While it was on my mind the entire performance, I managed to hold it together, even through the audience Q & A afterward. I said nothing about the news. When the evening was over, I found myself in the green room with the founding artistic director of the chorus, Jeffrey McIntyre, who was the first to hear the news. As people were coming and going around us, we kept the conversation quiet. There was no need for the evening to be marred for anyone by this. I certainly didn’t want chorus members to be concerned about me. Shortly thereafter, I was in the car alone, driving home. There had been no tears until just before I took my exit from the interstate. It was real. I probably would not see her alive again, much less be able to talk with her. I knew at that point that the days ahead were going to be rough. In the meantime, there were going to be multiple caps to this night — just as soon as I could unload the car, unlock the door, and open the liquor cabinet.
My mother knew about my upcoming wedding and despite her increasing dementia, she always knew when it was going to be, and whenever we talked, she asked about Keith, whom she adored. She was very excited about the fact that I was getting married, and when we visited last February, we talked at length about how neither of us ever expected society to ever evolve in this way. When I came out to her, she had that southern matronly meltdown and lay bed-ridden with a migraine for days; but once she realized she was only afraid of what I would face in my life, she embraced the fear, embraced me and began saying the thing she would always say when we ended a conversation, “Be happy, Kevin.”
In her mind, “Be happy” was not trivial. Happiness was a choice. She had lived most of her life in a state of unhappiness, but when my father passed away she realized how much she had missed out on. During the few years of good health remaining, she chose happiness and lived life to the fullest. I learned more from Jean Robison during that time that probably the rest of my years combined.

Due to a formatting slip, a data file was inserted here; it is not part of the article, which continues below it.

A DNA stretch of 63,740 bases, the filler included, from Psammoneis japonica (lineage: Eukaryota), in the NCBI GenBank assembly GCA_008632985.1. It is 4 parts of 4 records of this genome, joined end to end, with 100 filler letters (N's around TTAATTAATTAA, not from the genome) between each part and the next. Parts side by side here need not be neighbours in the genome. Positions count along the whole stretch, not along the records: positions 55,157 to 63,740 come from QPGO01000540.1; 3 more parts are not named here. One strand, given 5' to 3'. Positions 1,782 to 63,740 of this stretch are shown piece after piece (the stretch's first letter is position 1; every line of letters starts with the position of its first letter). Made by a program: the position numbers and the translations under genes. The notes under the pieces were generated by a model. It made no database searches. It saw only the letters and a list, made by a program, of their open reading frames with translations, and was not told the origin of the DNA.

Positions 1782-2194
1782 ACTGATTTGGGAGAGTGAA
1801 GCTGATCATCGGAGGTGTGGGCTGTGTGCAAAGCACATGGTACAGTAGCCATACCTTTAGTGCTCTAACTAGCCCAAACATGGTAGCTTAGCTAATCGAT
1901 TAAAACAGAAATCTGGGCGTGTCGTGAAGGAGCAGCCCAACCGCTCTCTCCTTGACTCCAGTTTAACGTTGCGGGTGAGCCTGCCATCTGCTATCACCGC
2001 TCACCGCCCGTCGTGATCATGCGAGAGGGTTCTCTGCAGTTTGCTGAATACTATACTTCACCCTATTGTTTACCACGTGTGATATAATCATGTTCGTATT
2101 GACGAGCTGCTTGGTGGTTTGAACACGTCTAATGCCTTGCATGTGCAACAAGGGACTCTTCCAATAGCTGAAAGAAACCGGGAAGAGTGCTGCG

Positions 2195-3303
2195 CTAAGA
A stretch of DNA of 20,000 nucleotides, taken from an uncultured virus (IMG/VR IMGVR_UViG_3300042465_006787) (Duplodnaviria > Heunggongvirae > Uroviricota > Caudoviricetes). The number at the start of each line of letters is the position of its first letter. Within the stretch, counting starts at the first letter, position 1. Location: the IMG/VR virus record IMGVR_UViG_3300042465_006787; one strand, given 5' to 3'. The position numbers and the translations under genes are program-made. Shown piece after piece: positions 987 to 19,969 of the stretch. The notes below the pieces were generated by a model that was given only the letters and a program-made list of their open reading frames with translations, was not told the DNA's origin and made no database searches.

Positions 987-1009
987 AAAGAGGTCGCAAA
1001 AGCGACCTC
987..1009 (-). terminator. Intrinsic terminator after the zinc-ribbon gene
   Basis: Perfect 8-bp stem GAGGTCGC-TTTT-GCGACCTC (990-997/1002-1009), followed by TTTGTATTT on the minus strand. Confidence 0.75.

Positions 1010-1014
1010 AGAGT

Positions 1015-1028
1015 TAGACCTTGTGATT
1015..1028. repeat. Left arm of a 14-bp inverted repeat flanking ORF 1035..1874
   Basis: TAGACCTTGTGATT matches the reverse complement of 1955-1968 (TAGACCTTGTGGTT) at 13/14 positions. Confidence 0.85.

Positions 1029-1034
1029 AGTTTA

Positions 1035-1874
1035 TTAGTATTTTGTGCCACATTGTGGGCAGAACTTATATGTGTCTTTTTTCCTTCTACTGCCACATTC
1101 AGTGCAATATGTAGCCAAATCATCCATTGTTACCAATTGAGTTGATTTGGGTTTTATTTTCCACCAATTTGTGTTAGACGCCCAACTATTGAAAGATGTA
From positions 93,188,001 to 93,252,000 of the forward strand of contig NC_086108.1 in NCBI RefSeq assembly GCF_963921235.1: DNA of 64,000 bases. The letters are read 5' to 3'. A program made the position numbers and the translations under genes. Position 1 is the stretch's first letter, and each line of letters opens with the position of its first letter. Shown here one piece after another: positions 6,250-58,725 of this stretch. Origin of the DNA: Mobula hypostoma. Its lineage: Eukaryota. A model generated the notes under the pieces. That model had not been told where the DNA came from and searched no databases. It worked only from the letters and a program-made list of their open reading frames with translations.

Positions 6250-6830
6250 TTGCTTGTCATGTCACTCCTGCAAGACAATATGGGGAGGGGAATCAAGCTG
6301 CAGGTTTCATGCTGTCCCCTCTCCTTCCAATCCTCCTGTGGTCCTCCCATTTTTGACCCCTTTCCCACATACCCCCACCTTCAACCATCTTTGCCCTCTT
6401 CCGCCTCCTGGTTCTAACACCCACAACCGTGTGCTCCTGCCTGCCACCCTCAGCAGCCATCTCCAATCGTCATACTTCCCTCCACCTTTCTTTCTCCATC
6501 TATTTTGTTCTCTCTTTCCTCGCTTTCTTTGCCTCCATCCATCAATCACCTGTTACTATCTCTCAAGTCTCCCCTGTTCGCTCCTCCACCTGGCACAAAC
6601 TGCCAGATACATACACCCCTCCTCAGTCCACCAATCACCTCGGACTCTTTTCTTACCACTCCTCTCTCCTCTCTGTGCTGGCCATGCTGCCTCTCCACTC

On the weekend before our legal wedding ceremony in Manhattan, mother finally passed. A couple of days earlier and I would have been able to go to the funeral. But passing on a Saturday made it impossible for me to get to a Tuesday funeral in Indiana and make it to New York by Wednesday, where friends from California would be joining us for the ceremony. I was at once jubilant and heartbroken, and for the next week, led the life of a steel magnolia.
I had tremendous guilt about not being able to be at the funeral and wondered what some of my conservative family members might have to say or think. I posted photos of mother on Facebook and wrote about my heartbreak – not only having lost her, but not being there when she was laid to rest. “There’s just no excuse for not going to your mother’s funeral,” I kept telling myself. But Dennis had already told me not to worry. He completely understood, and he was probably the only family member who needed to.
As the comments to my post flowed in, there was one that stood out in particular. It was from my friend Brenda who said, “Kevin, your mother knew she couldn’t make the trip to your wedding. Now she can be with you in spirit.” Brenda was right. Just as I looked at Keith on that special day and said, “I do,” I couldn’t help but see the image of my mother behind him. Smiling and saying, “Be happy, Kevin.”
Thank you, Mother. Because of you, I am.